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Faith and Fantasy: American Gods

20 Aug

Scary, gripping and often deeply unsettling, Neil Gaiman’s novel American Gods has reached a new audience since being adapted recently as a television series. Placing it in a specific genre has however proved tricky since its publication – some have described it as urban fantasy while others label it as mythic fiction. One description that is as good as any, given the novel’s subject matter, is religious fantasy. A fantasy of religion is a text that depicts or makes use of commonly understood religious tropes, but which recasts them in the context of additional fantastic narrative elements. A clear example of this approach is the satire employed by James Morrow in his 1990 novel Only Begotten Daughter. Although it has a notionally science-fictional frame, being set a few years in the future and hypothesizing some near-future technologies, the overall effect of the book is clearly that of fantasy, as was recognised when it won the World Fantasy Award for its year. The book begins by following Murray Katz, a celibate lighthouse-keeper, who discovers that a sperm donation he has made has become a foetus: an immaculate conception. Overtaken by responsibility for his child-to-be, he brings home the ‘ectogenesis machine’ containing it, and ends up superintending the birth and childhood of the Daughter of God, Julie Katz. The body of the book follows Julie’s adulthood, as she arrives at her credo despite the best efforts of fundamentalist ministers and the Devil. Of course, fantasies of religion need not be as overtly revisionist as Morrow’s. Gene Wolfe is an author primarily known for science fiction rather than fantasy. His Catholicism is also a well-known part of his worldview; it is prominent in his most well-known work, The Book of the New Sun (4 vols, 1980-83). It is set on a far-future ‘Urth’, and many of the fantasy tropes that appear – wizards, magic and so on – can be understood from the text as, for instance, aliens or energy weapons. However, it cannot be denied that the experience of reading the series has many similarities with that of a religious fantasy. The unlikely protagonist, the torturer Severian, is a Christ figure sent and enabled to achieve the task of a new sun for a dying world. The many layers of imagery this invokes – Christ/Apollo, New Son/Sun, for instance – are left for the reader to understand.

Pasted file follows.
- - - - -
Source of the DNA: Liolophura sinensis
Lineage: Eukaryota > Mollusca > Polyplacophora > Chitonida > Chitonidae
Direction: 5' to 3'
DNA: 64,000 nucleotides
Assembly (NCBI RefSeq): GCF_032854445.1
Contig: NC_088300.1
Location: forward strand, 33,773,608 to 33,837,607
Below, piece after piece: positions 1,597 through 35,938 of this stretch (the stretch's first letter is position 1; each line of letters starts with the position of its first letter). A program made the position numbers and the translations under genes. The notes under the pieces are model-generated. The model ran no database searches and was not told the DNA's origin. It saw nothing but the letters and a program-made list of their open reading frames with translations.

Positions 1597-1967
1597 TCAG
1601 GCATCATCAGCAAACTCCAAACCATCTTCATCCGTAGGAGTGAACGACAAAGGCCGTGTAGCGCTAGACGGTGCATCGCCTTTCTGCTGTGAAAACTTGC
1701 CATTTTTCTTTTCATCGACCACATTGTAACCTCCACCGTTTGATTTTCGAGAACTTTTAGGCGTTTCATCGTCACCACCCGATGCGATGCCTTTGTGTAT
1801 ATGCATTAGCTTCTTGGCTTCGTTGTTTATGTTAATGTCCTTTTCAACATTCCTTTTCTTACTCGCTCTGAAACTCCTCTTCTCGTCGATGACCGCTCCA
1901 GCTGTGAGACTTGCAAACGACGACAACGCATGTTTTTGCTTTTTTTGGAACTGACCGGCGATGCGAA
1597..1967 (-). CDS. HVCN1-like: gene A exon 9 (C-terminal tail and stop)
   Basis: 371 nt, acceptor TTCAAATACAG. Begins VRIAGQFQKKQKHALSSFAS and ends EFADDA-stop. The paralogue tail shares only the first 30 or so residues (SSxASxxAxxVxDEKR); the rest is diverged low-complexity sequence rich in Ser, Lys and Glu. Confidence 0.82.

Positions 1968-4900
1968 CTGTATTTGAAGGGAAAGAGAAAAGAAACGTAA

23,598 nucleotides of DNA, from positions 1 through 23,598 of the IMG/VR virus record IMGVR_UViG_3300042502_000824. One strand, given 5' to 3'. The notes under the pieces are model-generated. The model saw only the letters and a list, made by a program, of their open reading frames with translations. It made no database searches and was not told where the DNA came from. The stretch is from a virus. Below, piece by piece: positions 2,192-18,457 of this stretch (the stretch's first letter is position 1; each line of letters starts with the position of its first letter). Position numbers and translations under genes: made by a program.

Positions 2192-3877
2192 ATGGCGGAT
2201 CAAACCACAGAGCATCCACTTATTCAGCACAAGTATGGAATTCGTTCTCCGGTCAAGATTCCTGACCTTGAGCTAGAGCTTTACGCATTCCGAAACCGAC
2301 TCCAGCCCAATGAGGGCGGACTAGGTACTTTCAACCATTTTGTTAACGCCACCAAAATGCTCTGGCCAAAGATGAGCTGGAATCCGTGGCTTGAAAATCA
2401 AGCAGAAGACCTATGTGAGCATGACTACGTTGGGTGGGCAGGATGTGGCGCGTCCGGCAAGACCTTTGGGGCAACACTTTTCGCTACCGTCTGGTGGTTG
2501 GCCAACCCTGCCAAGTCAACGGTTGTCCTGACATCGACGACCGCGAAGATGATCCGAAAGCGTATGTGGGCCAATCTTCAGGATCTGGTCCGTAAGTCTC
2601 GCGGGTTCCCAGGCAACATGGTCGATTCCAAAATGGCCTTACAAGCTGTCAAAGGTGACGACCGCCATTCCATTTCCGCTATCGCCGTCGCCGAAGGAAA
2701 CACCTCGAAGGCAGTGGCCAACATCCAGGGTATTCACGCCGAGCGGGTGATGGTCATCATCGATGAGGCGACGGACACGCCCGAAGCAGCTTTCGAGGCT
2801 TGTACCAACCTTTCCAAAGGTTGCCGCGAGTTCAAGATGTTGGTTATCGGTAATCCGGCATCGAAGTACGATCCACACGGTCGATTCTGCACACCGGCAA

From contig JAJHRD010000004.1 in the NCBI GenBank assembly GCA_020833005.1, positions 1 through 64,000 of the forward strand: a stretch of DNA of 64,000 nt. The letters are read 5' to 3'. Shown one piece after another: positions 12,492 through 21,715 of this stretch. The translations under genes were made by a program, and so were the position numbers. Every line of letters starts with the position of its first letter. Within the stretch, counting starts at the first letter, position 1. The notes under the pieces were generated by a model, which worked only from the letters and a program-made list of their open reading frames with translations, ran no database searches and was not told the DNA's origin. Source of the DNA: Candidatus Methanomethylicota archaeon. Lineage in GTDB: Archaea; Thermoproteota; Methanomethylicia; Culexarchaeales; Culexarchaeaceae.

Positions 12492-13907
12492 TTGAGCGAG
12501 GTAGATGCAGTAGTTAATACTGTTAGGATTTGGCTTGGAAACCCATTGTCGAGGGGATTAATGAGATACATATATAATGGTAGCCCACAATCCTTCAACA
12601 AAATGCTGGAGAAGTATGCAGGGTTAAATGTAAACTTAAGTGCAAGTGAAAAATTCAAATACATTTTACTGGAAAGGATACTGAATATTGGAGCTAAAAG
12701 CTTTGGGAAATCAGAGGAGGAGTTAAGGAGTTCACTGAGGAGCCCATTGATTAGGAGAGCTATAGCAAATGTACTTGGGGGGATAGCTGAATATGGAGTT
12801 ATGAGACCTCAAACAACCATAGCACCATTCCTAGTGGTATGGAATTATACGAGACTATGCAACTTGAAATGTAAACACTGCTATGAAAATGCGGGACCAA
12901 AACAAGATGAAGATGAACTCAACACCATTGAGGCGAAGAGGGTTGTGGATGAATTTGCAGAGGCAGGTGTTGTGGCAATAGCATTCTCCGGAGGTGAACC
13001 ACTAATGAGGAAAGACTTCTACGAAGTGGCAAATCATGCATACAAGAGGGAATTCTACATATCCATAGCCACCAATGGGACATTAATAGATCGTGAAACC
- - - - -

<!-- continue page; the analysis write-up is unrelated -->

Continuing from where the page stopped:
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The Man in the High Castle

28 Feb

The Man in the High Castle (1963) is an alternative history novel by American writer Philip K Dick depicting a nightmare world divided by Germany and Japan, winners of the second World War in an alternate timeline from our own. Set in 1962, fifteen years after an alternative ending to World War II, the novel concerns intrigues between the victorious Axis Powers as they rule over the former United States, as well as daily life under the resulting totalitarian rule. The story features a “novel within the novel” comprising an alternate history within this alternate history wherein the Allies defeat the Axis (though in a manner distinct from the actual historical outcome). A hypothetical Axis victory in World War II is a common concept of alternate history, the second World War being one of the two most popular points of divergence for the English language alternative history fiction genre (the other being the American Civil War). As such, The Man in the High Castle (which has recently been adapted into a popular and critically acclaimed series by Amazon) has much in common with other fictional alternative histories, such as Swastika Night, Fatherland and Dominion.

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Different Kingdoms

14 Feb

Paul Kearney is an author who is perhaps best known today for his Monarchies of God series, a fairly standard epic of sword and sorcery that will be familiar to many readers of the genre. However, back at the start of the 1990’s he wrote a far more intriguing set of novels, each stand-alone but linked thematically – A Different Kingdom, Riding the Unicorn and The Way to Babylon. The most notable common thread in this ‘Different Kingdoms’ series was Kearney’s use of a hero from our world who journeys into a fantastical one. Despite strong reviews, these books had commercially disappointing sales, and Kearney was asked to consider a more traditional fantasy epic, hence the Monarchies of God was born. Although I can completely understand the decision of Kearney, his publishers and his agent from a commercial perspective, for me it is most unfortunate that the author was not allowed to pursue his original vision – after all his concept, known as the ‘portal quest’ theme in fantasy literature, has a venerable history.